- Perry Middlemiss, 2010, 'Combined Reviews: Lovesong by Alex Miller, "Matilda" , accessed 1 July 2013.
- Koval, Romona (19 November 2007). "Transcript of Radio Interview: Alex Miller's Landscape of Farewell". The Book Show, ABC Radio National.
- Geordie Williamson, 'Lovesong', 2009, The Monthly, , accessed November 2012.
- Reviews of Alex Miller's novels,  accessed 1 July 2013.
- Geordie Williamson, 'Alex Miller's 'Coal Creek', September 2003, "The Monthly", , accessed November 2013.
- Brian Matthews, 'Hanging on the Cross, Alex Miller's Journey of the Imagination', October 2013, "Australian Book Review", , accessed November 2013.
- Dixon, R, (Ed), 2012, 'The Novels of Alex Miller, An Introduction', Allen & Unwin, Sydney.
- Miller, A, 'Once Upon A Life', The Observer, Magazine, 26 Sept, 2010, pp 12-13
- Miller, A, On Writing 'Landscape of Farewell'.
- "Reference Number: MS 318 Guide to the Papers of Alex Miller". Academy Library, UNSW@ADFA. Archived from the original on 20 November 2008. Retrieved 5 December 2008.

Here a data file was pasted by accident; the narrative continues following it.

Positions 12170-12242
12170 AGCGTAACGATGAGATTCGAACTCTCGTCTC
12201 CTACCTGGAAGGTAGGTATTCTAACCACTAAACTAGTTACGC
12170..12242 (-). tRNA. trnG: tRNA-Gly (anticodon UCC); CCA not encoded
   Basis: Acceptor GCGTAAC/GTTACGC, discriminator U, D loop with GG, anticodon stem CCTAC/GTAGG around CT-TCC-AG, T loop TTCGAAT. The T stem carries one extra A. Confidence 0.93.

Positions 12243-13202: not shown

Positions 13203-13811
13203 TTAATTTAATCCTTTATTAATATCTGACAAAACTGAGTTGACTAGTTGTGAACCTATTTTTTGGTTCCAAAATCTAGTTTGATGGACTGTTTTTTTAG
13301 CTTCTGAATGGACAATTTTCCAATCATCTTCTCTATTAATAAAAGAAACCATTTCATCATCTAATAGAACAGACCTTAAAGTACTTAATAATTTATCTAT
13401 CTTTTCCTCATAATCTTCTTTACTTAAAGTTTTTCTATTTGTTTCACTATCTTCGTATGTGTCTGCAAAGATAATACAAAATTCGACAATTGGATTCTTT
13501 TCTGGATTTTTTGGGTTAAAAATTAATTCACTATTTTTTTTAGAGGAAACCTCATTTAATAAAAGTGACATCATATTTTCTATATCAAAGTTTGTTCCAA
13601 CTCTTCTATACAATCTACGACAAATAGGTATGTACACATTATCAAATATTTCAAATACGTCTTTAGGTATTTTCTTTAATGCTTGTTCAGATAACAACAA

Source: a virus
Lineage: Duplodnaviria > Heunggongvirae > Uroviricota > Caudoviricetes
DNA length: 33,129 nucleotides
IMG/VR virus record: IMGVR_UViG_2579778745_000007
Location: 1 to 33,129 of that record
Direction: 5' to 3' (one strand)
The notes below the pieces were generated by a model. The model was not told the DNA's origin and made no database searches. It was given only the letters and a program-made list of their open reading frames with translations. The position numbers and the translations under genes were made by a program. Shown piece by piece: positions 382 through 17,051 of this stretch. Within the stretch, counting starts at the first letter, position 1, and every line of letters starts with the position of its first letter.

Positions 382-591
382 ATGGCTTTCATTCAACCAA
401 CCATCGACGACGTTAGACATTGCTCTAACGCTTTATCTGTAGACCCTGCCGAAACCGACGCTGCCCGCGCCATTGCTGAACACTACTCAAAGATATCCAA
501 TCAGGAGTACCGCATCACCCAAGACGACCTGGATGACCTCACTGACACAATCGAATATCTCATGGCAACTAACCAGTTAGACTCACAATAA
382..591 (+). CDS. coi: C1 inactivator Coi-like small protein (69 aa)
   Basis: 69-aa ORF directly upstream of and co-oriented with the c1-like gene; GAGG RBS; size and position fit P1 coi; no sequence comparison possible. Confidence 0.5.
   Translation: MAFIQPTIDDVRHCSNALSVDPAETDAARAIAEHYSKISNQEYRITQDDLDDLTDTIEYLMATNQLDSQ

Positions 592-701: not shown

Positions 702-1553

- Allen and Unwin . Retrieved November 2012
- Walker, Brenda, 2012 in Dixon, Robert, (Ed), 2012, 'The Novels of Alex Miller, An Introduction', Allen & Unwin, Sydney, p 42.
- Allen and Unwin . Retrieved 30 November 2012
- Dixon, Robert, 2011, University of Sydney 
- Stephens, Andrew (24 September 2011). "Leave it to Autumn", The Age. Retrieved 30 November 2012.
- The Manning Clark Prize . Accessed November 2012.
- Australian Academy of the Humanities . Accessed November 2012
- Quotations related to Alex Miller (writer) at Wikiquote
- Alex Miller, AustLit, http://www.austlit.edu.au/austlit/page/A12971. Accessed June 2013
- Information and critical comment: Alex Miller, http://alexmiller.com.au/default.html. Accessed November 2012.
- Alex Miller's novels: Allen & Unwin http://www.allenandunwin.com/default.aspx?page=311&author=220. Accessed November 2012.